A lottery is a process that allocates something of value to an individual or group on the basis of chance. The most common example is a drawing in which numbers are drawn to determine the winner of a prize, such as a car or cash. Lotteries are commonly used when there is a high demand for an item with limited availability. Examples include a lottery for units in a subsidized housing block or kindergarten placements at a reputable public school. Even the National Basketball Association holds a lottery for its 14 teams that did not make the previous season’s playoffs; names are randomly drawn in order to give the winning team first choice when it comes time to draft college players.
Traditionally, lotteries have been organized by states and private organizations to raise money for projects and causes. The Continental Congress voted to establish a lottery in 1776 to try to raise funds for the Revolutionary Army. The earliest records of lotteries in which tickets were sold for the chance to win money can be traced back to the Low Countries in the 15th century, but they were not widely popular until after 1740.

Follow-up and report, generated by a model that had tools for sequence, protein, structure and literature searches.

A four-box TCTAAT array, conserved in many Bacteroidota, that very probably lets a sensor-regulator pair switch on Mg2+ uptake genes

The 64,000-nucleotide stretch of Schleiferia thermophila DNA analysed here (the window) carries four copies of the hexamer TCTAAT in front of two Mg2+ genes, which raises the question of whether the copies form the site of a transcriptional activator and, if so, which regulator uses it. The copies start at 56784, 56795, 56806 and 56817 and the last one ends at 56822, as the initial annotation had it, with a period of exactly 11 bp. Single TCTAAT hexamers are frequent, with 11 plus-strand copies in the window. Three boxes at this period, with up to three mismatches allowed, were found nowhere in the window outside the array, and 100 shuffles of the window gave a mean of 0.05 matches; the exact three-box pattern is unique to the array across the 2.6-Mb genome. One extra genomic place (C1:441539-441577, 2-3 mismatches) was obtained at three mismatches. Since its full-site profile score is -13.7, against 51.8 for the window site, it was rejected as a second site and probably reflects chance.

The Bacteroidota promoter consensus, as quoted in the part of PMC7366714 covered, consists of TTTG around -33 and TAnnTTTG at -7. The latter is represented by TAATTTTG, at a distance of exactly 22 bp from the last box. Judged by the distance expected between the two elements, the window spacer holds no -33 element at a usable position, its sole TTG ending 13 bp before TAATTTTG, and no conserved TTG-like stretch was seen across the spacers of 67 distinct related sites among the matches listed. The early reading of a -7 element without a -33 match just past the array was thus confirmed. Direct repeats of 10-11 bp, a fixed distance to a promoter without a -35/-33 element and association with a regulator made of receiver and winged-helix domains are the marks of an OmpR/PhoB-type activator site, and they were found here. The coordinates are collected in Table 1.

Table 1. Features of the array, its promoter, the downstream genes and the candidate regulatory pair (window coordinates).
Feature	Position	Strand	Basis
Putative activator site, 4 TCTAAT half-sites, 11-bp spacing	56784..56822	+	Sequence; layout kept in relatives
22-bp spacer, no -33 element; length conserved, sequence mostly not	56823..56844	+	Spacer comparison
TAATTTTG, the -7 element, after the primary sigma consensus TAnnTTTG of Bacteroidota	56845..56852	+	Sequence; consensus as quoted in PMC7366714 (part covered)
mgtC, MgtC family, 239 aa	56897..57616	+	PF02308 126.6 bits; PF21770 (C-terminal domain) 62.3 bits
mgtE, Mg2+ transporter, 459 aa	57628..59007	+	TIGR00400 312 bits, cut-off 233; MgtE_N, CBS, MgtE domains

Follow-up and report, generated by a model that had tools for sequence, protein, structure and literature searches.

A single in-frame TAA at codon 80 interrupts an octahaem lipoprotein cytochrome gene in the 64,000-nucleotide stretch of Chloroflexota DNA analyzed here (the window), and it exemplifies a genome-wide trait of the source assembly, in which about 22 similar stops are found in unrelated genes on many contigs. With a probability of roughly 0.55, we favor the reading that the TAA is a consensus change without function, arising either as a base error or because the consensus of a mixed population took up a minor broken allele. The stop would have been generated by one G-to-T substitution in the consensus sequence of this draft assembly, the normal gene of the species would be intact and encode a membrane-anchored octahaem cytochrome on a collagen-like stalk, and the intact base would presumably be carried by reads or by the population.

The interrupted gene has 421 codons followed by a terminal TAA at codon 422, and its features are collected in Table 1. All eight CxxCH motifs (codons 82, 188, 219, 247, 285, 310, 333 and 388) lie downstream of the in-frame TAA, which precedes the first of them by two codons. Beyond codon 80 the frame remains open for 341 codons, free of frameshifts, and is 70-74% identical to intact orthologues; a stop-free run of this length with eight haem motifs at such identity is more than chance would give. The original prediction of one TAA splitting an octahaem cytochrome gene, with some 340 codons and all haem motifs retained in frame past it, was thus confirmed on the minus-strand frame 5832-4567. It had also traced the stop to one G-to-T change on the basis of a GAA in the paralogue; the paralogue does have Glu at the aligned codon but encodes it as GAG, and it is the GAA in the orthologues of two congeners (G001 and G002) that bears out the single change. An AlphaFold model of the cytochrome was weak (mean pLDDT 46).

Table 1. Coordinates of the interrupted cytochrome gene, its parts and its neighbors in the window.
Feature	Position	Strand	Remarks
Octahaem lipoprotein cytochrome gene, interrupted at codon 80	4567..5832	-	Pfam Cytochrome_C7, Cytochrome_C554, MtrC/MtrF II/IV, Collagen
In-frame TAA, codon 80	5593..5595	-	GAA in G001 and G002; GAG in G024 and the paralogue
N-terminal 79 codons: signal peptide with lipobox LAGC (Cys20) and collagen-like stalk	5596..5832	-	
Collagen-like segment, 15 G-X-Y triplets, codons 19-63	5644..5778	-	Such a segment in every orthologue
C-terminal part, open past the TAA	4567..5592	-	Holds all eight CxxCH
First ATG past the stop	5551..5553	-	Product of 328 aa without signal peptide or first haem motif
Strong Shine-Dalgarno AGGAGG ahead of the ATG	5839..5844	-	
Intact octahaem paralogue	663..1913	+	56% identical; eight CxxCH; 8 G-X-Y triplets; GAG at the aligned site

In the United States, state governments have regulated lotteries since the early 1970s. These agencies generally delegate responsibility for lottery administration to a special division of their gaming commission. The divisions select and license retailers, train them to use lottery terminals, sell and redeem tickets, pay prizes to winners, and ensure compliance with state law and regulations. They also assist retailers in promoting lottery games and advertise on their behalf.